Things turned out better than I expected.

I was only interested in an up move, so the intent of my plan was to buy breakouts at new highs and if the breakouts didn’t hold on the day of the breakout I would exit by the close and wait for a new high to enter again. I was willing to keep at this for as long as it took, even if it took 5 years.

Cotton had been trading in a 2½ cent range for those 2 years and was dull as puddle ice. No one at the brokerage house I traded at had ever traded cotton and they all thought I was an incredible idiot for watching it, much less trade it. (If I would have traded pork bellies and beans more I would have been considered at least somewhat “respectableâ€

LeapFrog
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Re: Truth in trading--

Post by LeapFrog » Sat May 22, 2004 12:51 pm

[quote="leonardo"]c.f.--

I know you did the right thing when you told the unvarnished truth about trading. It does take money, and/or many correctly applied trades to have a reasonable expectation at profiting from trend trading. By being forthcoming about the realities of trend trading, you can only gain in credibility with those to whom it will matter the most.

To trade long term you have to be able to probe (read: spend money attacking a market) over and over until a trade gets under way that you can ride for a little while.

Timing is everything. That is, the time you start this whole process might be just before a lot of markets start exhibiting trending behavior, or a couple of years before they move. If your timing isn't very good (which is normal---no one knows for sure when profitable trades are going to happen in advance or the markets in question wouldn't exist) you make up for it with capital and persistence.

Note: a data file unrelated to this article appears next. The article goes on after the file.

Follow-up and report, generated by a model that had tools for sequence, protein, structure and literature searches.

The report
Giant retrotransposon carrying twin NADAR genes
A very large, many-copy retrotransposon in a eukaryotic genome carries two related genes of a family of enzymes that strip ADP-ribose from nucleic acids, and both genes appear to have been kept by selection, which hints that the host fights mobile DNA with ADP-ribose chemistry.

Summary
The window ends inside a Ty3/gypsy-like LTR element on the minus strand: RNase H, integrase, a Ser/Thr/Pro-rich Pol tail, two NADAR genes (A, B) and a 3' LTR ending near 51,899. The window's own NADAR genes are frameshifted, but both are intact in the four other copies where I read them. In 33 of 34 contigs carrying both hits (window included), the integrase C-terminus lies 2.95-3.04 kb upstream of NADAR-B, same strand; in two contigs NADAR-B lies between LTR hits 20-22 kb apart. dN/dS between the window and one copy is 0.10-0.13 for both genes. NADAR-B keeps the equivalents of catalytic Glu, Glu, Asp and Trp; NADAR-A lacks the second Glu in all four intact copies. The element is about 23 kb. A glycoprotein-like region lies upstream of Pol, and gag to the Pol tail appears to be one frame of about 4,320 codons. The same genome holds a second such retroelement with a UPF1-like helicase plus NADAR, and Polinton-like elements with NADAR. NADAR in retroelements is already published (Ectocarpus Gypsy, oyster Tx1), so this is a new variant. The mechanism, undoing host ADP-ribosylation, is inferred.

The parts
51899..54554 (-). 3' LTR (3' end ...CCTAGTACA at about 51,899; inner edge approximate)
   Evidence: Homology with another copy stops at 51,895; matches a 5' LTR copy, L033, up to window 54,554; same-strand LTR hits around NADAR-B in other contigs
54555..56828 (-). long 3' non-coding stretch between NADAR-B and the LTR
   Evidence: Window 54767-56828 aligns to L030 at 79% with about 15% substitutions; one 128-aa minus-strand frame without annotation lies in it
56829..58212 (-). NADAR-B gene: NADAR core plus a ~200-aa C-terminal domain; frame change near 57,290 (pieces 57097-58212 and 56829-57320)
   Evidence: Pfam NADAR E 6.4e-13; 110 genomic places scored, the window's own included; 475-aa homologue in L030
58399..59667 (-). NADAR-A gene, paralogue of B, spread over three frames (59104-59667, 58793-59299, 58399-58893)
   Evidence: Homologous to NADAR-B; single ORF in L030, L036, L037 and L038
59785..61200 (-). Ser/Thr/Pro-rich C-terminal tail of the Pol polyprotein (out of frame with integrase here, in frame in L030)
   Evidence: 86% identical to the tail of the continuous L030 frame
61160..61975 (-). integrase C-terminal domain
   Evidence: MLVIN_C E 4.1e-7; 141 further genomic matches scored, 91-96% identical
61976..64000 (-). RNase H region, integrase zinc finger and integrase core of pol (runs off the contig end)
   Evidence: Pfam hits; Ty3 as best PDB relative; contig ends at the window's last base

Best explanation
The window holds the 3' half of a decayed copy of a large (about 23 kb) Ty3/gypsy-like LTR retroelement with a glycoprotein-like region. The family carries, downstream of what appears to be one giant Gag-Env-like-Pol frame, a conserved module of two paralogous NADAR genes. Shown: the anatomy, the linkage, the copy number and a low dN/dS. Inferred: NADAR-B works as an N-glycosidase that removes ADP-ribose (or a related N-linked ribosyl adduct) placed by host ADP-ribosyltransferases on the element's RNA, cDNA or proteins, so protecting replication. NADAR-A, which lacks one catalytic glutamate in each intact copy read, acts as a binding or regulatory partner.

There is one way I know of to get started trend trading with small capital that almost assures victory. It is the method that I used to get started trading over 25 years ago.

Like most in this forum, I was not born to money.

It was the early '70's. I started my own business when I was 18, reclaiming silver from fixer solutions, x-ray films, printing developing chemicals, etc. Due to the obvious monthly fluctuations of selling the physical silver that I separated from the chemicals, I realized that there was a lot more money to be made by buying and selling silver in the futures markets at the right time than just the reclaiming alone.

Silver had great trends in the late '70's but in the early '70's it swung wildly back and forth while the Hunts were manipulating the prices and quantities for delivery.

This was an era when there was very little easily available information about trading. I did find books by Gann, and read about Stanley Kroll’s exploits and research by Donchian, which verified my own ideas about trading breakouts.

I had been researching markets for many years anyway, mainly ags, and then as now I realized that the only way you could deal profitably in the markets was by having sufficient capital. At the time, "sufficient capital" was $20K to $40K.